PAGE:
HONG KONG (Nikkei Markets) -- Hong Kong shares climbed for a third consecutive day on Monday, with improved sentiment driving broad market gains on easing concerns about a global trade war and upbeat U.S. economic data.
The Hang Seng Index ended the day 1.9% higher at 31,594.33, its first three-day winning streak since mid-February. Index heavyweight Tencent Holdings jumped 2.9% to HK$460, its highest level for the day and within 4% of the all-time high it reached in January. Shenzhen-listed Beijing Enlight Media said the internet major's affiliate Linzhi Tencent Technology will buy its 27.64% stake in television production company New Classics Media for 3.3 billion yuan ($521.2 million). Enlight Media shares gained 2% in mainland trading.
The Hang Seng China Enterprises Index of large mainland companies listed in Hong Kong added 2.1%, with Air China rallying 4.9%, the most in two weeks. China Construction Bank (CCB) jumped 3.7% and Ping An Insurance Group 2.7%, pacing gains by mainland financial companies.
Sentiment around the Asia-Pacific region appeared to improve on solid cues from the U.S. after data released on Friday showed the world's largest economy added more jobs than expected in February. Fears over a faster-than-expected pace of rate increases by the U.S. Federal Reserve took a backseat as average hourly earnings rose 0.1% last month, slower than January's 0.3% increase, allaying fears about inflation.
"Many negative factors are diminishing. So in the short-term, prior to next week's Fed meeting, Hong Kong equities will likely continue to rebound," said Will Leung, head of investment strategy at the wealth management unit of Standard Chartered Hong Kong. He expects the Hang Seng Index to test 32,000.
Global equities recovered last week after U.S. President Donald Trump announced certain exemptions to upcoming import tariffs on steel and aluminum, and separately also agreed to meet North Korean leader Kim Jong Un by May.
Equity gauges in the rest of the region rose, helping to send the Nikkei Asia300 Index of regional stocks outside Japan 1.6% higher.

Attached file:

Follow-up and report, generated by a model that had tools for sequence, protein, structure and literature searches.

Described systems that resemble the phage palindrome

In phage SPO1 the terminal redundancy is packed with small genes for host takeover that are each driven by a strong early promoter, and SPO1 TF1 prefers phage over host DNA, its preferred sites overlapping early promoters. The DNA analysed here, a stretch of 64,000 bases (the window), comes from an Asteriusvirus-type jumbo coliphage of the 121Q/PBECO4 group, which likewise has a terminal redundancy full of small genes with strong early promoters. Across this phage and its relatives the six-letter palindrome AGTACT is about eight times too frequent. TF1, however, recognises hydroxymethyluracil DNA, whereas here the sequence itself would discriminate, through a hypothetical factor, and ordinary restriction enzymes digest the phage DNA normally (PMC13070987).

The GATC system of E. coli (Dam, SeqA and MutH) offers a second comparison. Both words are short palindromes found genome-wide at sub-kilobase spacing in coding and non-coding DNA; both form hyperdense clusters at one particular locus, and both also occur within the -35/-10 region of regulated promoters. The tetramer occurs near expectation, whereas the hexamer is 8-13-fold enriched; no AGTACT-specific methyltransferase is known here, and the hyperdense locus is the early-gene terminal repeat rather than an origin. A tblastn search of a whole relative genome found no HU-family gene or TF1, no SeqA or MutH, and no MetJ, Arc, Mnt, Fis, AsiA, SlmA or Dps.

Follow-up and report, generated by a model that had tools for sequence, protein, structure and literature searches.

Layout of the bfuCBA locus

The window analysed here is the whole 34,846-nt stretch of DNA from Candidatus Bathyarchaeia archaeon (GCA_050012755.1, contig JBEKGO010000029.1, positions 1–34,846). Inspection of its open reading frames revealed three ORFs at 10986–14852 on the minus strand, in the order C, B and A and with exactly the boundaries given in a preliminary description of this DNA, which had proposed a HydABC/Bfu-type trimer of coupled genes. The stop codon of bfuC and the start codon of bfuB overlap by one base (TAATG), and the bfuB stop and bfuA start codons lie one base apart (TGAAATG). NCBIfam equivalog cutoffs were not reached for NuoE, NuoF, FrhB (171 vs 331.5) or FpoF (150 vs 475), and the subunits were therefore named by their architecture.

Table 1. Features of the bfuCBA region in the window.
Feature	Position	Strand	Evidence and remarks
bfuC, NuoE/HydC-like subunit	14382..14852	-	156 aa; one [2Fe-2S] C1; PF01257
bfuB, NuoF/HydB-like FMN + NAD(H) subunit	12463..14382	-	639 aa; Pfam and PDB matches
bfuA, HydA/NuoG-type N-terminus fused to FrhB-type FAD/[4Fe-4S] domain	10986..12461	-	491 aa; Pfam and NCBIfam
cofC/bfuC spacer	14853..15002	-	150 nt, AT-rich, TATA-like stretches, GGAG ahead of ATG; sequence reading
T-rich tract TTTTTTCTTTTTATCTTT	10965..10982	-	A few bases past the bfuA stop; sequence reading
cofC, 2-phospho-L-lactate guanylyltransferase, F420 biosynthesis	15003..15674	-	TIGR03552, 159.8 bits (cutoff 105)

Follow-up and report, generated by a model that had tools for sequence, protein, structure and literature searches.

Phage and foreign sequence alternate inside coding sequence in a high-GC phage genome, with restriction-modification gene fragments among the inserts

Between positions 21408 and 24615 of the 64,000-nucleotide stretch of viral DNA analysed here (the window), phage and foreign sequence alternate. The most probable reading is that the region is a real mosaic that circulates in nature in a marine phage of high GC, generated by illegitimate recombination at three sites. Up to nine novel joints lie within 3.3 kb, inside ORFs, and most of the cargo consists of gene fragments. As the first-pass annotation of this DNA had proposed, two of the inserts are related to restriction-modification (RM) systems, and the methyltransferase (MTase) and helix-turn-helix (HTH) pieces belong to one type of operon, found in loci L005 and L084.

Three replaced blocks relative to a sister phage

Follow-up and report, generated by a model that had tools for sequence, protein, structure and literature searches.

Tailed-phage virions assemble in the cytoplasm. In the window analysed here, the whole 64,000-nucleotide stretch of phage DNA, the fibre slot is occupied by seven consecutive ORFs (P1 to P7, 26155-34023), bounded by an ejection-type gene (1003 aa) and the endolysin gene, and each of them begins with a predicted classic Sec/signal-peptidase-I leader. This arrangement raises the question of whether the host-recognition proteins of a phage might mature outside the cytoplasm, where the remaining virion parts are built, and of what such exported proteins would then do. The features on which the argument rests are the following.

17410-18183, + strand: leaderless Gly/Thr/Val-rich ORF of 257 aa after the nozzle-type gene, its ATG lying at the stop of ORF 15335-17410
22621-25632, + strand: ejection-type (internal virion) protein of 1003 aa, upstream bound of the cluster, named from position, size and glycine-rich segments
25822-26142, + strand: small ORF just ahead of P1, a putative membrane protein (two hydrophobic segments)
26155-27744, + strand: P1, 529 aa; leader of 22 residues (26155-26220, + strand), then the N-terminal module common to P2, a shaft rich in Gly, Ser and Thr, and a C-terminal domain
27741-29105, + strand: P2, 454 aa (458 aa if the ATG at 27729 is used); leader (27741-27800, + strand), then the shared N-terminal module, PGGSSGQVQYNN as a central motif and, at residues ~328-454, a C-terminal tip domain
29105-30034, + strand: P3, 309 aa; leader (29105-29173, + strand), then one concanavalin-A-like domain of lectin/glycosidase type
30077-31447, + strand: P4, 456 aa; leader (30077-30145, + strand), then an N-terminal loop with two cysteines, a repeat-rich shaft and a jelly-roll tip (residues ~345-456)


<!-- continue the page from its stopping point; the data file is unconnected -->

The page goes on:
In the mainland, the Shanghai Composite Index climbed 0.6%, while the yuan traded onshore strengthened 0.1% to 6.3233 against the U.S. dollar.
Italian luxury goods maker Prada jumped 15% in Hong Kong, its biggest single-day percentage gain since October 2011. A "mid-to-high single-digit" sales growth in 2018 was reasonable, Chief Financial Officer Alessandra Cozzani was cited as saying by Reuters. The company late on Friday reported a 4.3% decline in pro-forma net income for the 12 months ended December 2017.
Diversified conglomerate Wheelock gained 0.9%. The company reported a 26.2% increase in 2017 net profit during Monday's midday trading break, helped by gains from the revaluation of its investment properties.
Property developer Agile Group Holdings increased 3.5% after saying, also during the noon break, that it expects its 2017 net profit to rise more than 150% from a year earlier.
CITIC advanced 0.4% in the upbeat market. The gains came even as the Chinese conglomerate said on Sunday that it will likely recognize an impairment of $800 million to $1 billion in its 2017 accounts toward its Sino Iron project in western Australia.
Apple supplier Sunny Optical Technology Group, which jumped 11.7% last week, added 0.6% after reporting a 31.9% increase in handset lens set shipment volumes for February. AAC Technologies Holdings, which also supplies parts to the iPhone maker, gained 0.8%.
China Resources Cement Holdings climbed 4.9% on its expectations for a "significant increase" in group net profit for the quarter ending March 31, after higher cement prices helped it to more than double its profit last year. The company's net profit for 2017 soared about 173% to 3.62 billion Hong Kong dollars ($461.9 million).
China Child Care tumbled 4.1% after saying it expects a loss for 2017. The personal-care products maker also reported a loss in 2016.
CSPC Pharmaceutical Group rose 4.1% after its drug butylphthalide -- used to treat muscle-related disorder Amyotrophic Lateral Sclerosis, or ALS -- was granted orphan drug status by the U.S. Food and Drug Administration. Orphan drugs in the U.S. are entitled to seven years of exclusive market rights, CSPC said.
-- Amy Lam